Friday, June 25, 2010

The Starry Night Of Haruhi Suzumiya

And so they came en masse. All hoping to capture a glimpse of a world without her.

What at first seemed like an undersold show at Laemmle's Sunset 5 in Hollywood, became a fankid free-for-all when Bandai unleashed the much anticipated feature film, The Disappearance Of Haruhi Suzumiya for a one-night engagement. The Jen was with me as we witnessed Haruhiism for the first time sans a convention setting, which imho served as a nice annual buffer for the madness that will be Anime Expo next week. Thankfully,(or to a detriment, depending on who's asking) the crowd is a little more subdued than the crowds that filled the New People Viz Cinema Theater in San Francisco several weeks ago. Regardless, the fandom for this show is very much an interesting variation of the atypical anime otaku. Demanding a rare craving for imagination, knowledge, and a streak of geeky humor ten miles wide, these fans were not disappointed by the festivities as well as the centerpiece...The epic-length feature, centering on the continuing tales of  the oddball high school club, the SOS Brigade, voice of sanity, Kyon, and the uber-Mary Sue club president who would be a sleeping deity, Haruhi Suzumiya.

And even before walking in, we had an opportunity to chat & get autographs with english version actors extraordinaire, Wendee Lee (Haruhi), & Crispin Freeman (Kyon), all while being lavished with some goodies courtesy of Bandai, Crunchyroll & Yen Press.

Having seen the film previously (my review on Diet), it was possibly a much richer experience watching it surrounded by friends old and new. There is an almost "slice-of-life" element to the film that becomes bolder the more I begin to think about it. As an animated work, it isn't imperative that they let the camera linger on a quiet moment. Most films just get on with it. But to take that kind of time and care in something like this shows a grand deal of dedication & heart, making it something of an anti-blockbuster. One that demands we stew in the moment, rather than hop to the next convenient plot point. The story, while at times painfully drawn out, is this way by design, and to that end makes the film have a uniquely ambitious quality that one rarely sees in films where only so little actually happens.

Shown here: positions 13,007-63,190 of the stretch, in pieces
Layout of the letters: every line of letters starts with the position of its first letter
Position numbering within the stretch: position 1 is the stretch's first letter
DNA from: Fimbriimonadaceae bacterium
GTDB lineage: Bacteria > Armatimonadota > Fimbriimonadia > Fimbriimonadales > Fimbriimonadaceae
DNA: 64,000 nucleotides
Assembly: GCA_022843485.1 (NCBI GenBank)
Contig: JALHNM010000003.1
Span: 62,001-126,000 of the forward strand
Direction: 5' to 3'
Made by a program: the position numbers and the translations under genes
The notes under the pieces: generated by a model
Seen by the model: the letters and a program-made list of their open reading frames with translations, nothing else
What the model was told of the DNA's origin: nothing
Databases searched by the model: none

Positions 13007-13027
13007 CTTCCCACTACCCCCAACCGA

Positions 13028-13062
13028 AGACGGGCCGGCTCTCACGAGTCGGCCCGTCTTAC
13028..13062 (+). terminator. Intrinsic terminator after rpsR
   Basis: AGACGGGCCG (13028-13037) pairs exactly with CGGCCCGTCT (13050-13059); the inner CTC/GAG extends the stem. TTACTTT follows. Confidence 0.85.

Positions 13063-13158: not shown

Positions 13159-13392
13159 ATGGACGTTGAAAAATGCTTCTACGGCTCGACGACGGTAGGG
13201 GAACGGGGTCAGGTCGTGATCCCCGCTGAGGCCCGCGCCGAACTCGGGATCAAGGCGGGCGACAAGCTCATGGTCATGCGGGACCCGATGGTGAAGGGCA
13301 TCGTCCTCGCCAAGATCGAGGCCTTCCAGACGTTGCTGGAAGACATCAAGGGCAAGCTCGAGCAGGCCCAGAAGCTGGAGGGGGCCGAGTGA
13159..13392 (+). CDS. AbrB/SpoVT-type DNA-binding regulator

Kyoto Animation's work here still impresses as the film's at times glacial pace allows us to immerse ourselves it its world. Whether it be via character action, or merely the motion of the city & its outskirts, anime reaches an at times uncanny valley which works beautifully with the series' totem of playing the absurdism of anime in a slightly tweaked, but very real setting. It knocks me out to consider how exciting it was at times just to see doors open, characters running, focus shift as the camera represents the vision of our narrator.

But even greater still was the experience of discussing the film, and the story of Suzumiya thus far. I was able to listen to some great theories as to how it all will culminate in later volumes of the popular Japanese light novel series that inspired the anime. So much of it reflects a giant section of modern geekdom that longs for something not merely entertaining, but something a little more introspective & original. This is a franchise as comfortable with intimate rumination as it is with laser-precise nerd comedy.

Being able to really clock the entire package, along with the audience's reaction was a bit of a blast, personally. A part of me still wishes more people could have a chance to catch this film in a local theater before the US DVD release, but that almost always seems to be the case with films such as this. Its a film that while trapped in a myriad of genre, asks us to be patient, and just enjoy the atmospherics.

 Previous Haruhi fans or no..It is a singular experience.

(Also finally had the historic opportunity to finally meet two of the minds behind Anime Diet in the 3D! Stop on by as I'm sure there'll be coverage & video. Great stuff all around last night.)

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